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Honey, You Baked!

Cooking classes at Healthy Living teach couples to work together


Published February 9, 2011 at 11:57 a.m.


James and I have been together for more than seven years. Besides being hot, he’s the best friend I ever had. We share loves for everything from ethnogeography and Stephen Sondheim to professional wrestling and Street Fighter video games.

Of course, eating is a big part of our relationship. We generally dine out three or four times a week, and it’s still exciting for us every time.

But when we’re home, I do all the cooking. On occasions when I’ve traveled for work without him, James has survived entirely on Hungry Man dinners and muffins from Essex’s Bagel Market. His role, supposedly, is to do the dishes, but the stacks of silverware and Schlemmertopfs in our sink indicate the contrary.

When I discovered the couples’ cooking classes at the Healthy Living Learning Center, I thought I might be able to shock him out of his rut. So, last month, we signed up for a class with the particularly jarring title “Vegetarian Feast.” Regular Seven Days readers are familiar with my inhuman blood lust. But consider that, when James tried spaetzle for the first time, he declared it “so good I can’t believe it’s not meat.” This was going to be interesting.

As the Learning Center director at Healthy Living, Nina Lesser-Goldsmith has taught several cooking classes each month since the Learning Center’s bright and admirably organized educational kitchen opened at the end of 2009. Though she often works alone, the newlywed says she most enjoys cooking with her husband, Zach Minot. “He’s fun to cook with,” she says with a smile. The pair, both culinary school grads, collaborate on courses in fundamentals of professional cooking, but also make time every month to teach a couples’ cooking class.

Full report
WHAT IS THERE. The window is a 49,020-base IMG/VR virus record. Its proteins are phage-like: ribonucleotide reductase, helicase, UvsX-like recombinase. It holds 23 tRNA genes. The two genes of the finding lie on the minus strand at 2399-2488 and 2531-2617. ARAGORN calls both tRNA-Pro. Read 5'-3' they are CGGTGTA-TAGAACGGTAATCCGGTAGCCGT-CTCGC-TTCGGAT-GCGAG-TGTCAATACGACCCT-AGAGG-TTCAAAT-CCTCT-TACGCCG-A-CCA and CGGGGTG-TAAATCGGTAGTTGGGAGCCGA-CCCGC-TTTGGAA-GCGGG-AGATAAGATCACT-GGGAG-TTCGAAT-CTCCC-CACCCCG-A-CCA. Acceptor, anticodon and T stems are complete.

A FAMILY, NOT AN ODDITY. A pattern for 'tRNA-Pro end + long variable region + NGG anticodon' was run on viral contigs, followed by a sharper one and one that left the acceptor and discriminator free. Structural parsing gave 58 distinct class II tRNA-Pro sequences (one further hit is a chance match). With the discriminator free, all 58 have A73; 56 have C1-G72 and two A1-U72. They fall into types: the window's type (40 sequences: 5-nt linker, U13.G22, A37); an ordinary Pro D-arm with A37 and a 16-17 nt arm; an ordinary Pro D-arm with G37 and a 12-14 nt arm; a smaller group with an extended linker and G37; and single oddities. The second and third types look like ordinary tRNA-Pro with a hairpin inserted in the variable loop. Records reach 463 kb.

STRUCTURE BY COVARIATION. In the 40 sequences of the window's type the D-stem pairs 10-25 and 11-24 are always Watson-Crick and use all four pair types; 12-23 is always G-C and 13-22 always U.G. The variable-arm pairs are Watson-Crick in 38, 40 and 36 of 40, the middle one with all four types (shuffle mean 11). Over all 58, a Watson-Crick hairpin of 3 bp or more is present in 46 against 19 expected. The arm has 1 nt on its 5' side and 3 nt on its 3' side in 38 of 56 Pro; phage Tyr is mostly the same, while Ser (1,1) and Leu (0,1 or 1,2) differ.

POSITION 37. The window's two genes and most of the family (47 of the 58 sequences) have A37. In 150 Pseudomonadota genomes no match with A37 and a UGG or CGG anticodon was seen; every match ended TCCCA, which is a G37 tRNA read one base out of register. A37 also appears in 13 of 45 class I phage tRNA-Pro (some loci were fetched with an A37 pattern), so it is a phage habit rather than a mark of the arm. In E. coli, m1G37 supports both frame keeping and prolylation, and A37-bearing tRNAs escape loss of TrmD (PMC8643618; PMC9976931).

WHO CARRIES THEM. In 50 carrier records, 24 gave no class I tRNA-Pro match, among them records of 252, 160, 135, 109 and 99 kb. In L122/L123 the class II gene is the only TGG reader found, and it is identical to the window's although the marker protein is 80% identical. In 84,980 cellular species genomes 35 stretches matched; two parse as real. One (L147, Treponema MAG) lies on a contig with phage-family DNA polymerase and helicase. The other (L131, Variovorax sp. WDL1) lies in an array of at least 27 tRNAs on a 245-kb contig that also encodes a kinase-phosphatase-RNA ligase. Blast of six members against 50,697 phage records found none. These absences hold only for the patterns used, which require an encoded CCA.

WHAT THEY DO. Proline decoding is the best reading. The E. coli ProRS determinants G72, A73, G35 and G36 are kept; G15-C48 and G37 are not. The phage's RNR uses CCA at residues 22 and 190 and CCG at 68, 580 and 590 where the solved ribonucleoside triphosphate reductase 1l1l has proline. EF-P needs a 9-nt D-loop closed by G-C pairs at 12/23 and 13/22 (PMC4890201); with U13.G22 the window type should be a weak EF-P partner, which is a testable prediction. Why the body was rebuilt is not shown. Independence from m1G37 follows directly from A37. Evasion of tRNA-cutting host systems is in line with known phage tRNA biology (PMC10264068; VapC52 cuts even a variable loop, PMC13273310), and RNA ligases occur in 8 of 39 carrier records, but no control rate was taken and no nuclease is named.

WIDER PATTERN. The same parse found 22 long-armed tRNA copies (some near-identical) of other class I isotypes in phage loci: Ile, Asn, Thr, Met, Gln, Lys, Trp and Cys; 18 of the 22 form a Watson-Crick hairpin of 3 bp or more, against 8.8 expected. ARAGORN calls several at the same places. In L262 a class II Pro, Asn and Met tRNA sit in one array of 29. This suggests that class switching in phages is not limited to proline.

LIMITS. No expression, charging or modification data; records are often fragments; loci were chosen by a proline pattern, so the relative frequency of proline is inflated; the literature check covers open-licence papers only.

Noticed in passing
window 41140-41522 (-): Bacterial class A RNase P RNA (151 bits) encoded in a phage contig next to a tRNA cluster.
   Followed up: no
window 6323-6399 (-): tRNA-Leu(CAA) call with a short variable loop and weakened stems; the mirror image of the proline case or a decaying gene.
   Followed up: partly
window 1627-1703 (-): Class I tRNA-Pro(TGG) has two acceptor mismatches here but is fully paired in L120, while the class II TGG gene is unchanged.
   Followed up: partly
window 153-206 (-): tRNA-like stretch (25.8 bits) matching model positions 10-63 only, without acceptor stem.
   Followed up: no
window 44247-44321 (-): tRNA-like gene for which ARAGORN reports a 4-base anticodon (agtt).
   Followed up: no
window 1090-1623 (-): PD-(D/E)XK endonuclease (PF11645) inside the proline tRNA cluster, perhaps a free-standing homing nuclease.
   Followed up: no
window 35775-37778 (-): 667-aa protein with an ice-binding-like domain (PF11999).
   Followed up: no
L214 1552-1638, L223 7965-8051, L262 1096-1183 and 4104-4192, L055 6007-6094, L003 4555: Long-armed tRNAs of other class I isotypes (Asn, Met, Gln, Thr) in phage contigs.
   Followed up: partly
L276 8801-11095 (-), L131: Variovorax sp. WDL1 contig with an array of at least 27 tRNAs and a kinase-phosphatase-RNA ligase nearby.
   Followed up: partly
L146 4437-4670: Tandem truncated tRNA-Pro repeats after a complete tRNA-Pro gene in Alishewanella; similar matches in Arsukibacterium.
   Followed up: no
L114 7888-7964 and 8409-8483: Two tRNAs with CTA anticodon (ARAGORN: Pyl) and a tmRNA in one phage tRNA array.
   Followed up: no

Unfortunately, we didn’t get to see the lovebirds at work. Zach was hit hard with the flu the night of our class, so Nina’s brother and Healthy Living’s general manager, Eli Lesser-Goldsmith, filled in. “You see, you don’t have to bring your significant other,” Nina told the eight assembled attendees. “Any relationship will do.”

We started with a short wait for the final couple, who never showed up. Oh, well, more attention for the rest of us!

Of the four pairs assembled, only two people (both women) were vegetarians. The rest of the class was just there to be à deux. One of the vegetarians in attendance, Erynne Ross, had brought her husband, Matt Byrne, who admitted he didn’t cook at home — “unless you consider frozen French fries.” After 15 years of marriage, Ross was used to being her family’s chef, she said, but when she saw the listing for the class on Healthy Living’s website, she thought the evening would be a fun, romantic date without the kids.